• X-rays are aimed at different parts of the body and an image is produced on a recording plate, using X-rays that have passed through the body
  • A contrast material, such as barium, is also used to visualize the blood vessels

How is the Catheter Angiography radiology procedure Performed?

The Catheter Angiography procedure is performed as:

  • In the preparation room, a nurse inserts an intravenous (IV) line into the arm
  • A blood sample is drawn in to see that the kidneys are functioning properly
  • The area where the catheter is inserted is shaved and numbed, with an anesthetic
  • The catheter is inserted into the artery, by making a small incision into the skin. The catheter is guided to the area of interest
  • The contrast material is injected through the catheter, to visualize the artery of interest. Several x-ray images are taken
  • The catheter and IV are removed and the incision site is closed. The entire procedure may take anywhere from an hour to several hours to complete

Where is the Procedure Performed?

A Catheter Angiography procedure is performed as an outpatient procedure, at a hospital. 

Who Performs the Procedure?

The following specialists may perform a Catheter Angiography procedure: 

  • Neuro-radiologists
  • Neurosurgeons
  • Pediatric neurosurgeons
  • Vascular and interventional radiologists
  • Vascular neurologists

How long will the Procedure take?

The Catheter Angiography procedure may take between 1-3 hours to perform.

Who interprets the Result?

  • The radiologist or neurologist interprets the images taken from the Catheter Angiography, to determine any blockage of blood flow
  • After the procedure, follow-up visits may be needed

What Preparations are needed, prior to the Procedure?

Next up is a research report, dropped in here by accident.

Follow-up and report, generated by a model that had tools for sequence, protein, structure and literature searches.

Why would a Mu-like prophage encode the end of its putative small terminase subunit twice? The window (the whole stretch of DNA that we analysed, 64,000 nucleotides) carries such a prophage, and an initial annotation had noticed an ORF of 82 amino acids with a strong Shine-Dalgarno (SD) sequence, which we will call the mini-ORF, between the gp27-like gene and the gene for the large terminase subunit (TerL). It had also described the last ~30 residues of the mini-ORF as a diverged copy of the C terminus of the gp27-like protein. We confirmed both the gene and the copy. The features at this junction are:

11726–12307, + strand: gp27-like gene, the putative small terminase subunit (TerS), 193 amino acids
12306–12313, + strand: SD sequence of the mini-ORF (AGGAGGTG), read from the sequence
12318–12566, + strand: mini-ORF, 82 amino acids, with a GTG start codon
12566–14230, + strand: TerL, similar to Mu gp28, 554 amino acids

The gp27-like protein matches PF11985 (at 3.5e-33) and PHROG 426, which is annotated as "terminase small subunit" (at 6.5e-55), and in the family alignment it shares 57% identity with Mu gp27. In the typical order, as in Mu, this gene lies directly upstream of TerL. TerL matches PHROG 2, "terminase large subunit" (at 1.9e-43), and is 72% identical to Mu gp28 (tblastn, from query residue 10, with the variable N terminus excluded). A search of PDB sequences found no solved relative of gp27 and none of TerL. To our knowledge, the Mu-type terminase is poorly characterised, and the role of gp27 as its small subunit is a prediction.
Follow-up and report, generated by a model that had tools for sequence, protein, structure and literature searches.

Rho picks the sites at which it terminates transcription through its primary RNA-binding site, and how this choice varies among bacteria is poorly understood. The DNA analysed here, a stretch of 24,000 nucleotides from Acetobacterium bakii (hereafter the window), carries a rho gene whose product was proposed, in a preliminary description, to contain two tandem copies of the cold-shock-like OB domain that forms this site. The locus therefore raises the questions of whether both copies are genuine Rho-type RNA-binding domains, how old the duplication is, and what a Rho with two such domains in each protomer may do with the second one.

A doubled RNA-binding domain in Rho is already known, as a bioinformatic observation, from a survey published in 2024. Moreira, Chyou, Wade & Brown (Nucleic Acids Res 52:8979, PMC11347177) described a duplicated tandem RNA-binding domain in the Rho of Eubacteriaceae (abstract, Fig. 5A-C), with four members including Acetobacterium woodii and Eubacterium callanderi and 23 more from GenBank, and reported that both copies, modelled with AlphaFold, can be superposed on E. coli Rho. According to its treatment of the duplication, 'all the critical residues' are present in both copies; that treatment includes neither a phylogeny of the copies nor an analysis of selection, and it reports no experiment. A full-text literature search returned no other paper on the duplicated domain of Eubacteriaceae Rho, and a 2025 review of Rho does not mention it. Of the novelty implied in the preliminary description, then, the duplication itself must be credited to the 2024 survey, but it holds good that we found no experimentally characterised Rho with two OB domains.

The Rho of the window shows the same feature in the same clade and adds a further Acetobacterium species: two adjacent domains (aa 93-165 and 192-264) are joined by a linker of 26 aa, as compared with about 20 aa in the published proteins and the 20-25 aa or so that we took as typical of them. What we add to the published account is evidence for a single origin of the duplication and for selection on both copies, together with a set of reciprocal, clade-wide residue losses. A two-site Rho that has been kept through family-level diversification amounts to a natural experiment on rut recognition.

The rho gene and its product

The following preparations may be needed prior to a Catheter Angiography procedure:

  • The physician may evaluate the individual’s medical history to gain a comprehensive knowledge of the overall health status of the patient, including information related to the medications that are being currently taken
  • Do inform the medical professional if you have a history of any medical conditions, such as a heart disease, asthma, diabetes, or kidney disease
  • Do inform the medical professional about any allergies, especially related to barium or iodinated contrast material, which may be used in the procedure
  • It is advisable to wear comfortable and loose clothes. Avoid wearing any metal objects or jewelry, as it may interfere with the x-ray
  • It is highly recommended to inform your healthcare professional, if you are pregnant or breastfeeding
  • The patient may have to stay at the hospital overnight for observation and may need someone to drive them home, if given any sedatives.

What is the Consent Process before the Procedure?

A physician will request your consent for a Catheter Angiography procedure using an Informed Consent Form.

Consent for the Procedure: A “consent” is your approval to undergo a procedure. A consent form is signed after the risks and benefits of the procedure, and alternative treatment options, are discussed. This process is called informed consent.

You must sign the forms only after you are totally satisfied with the answers to your questions. In case of minors and individuals unable to personally give their consent, the individual’s legal guardian or next of kin, shall give their consent for the procedure.

What are the Benefits versus Risks, for this Procedure?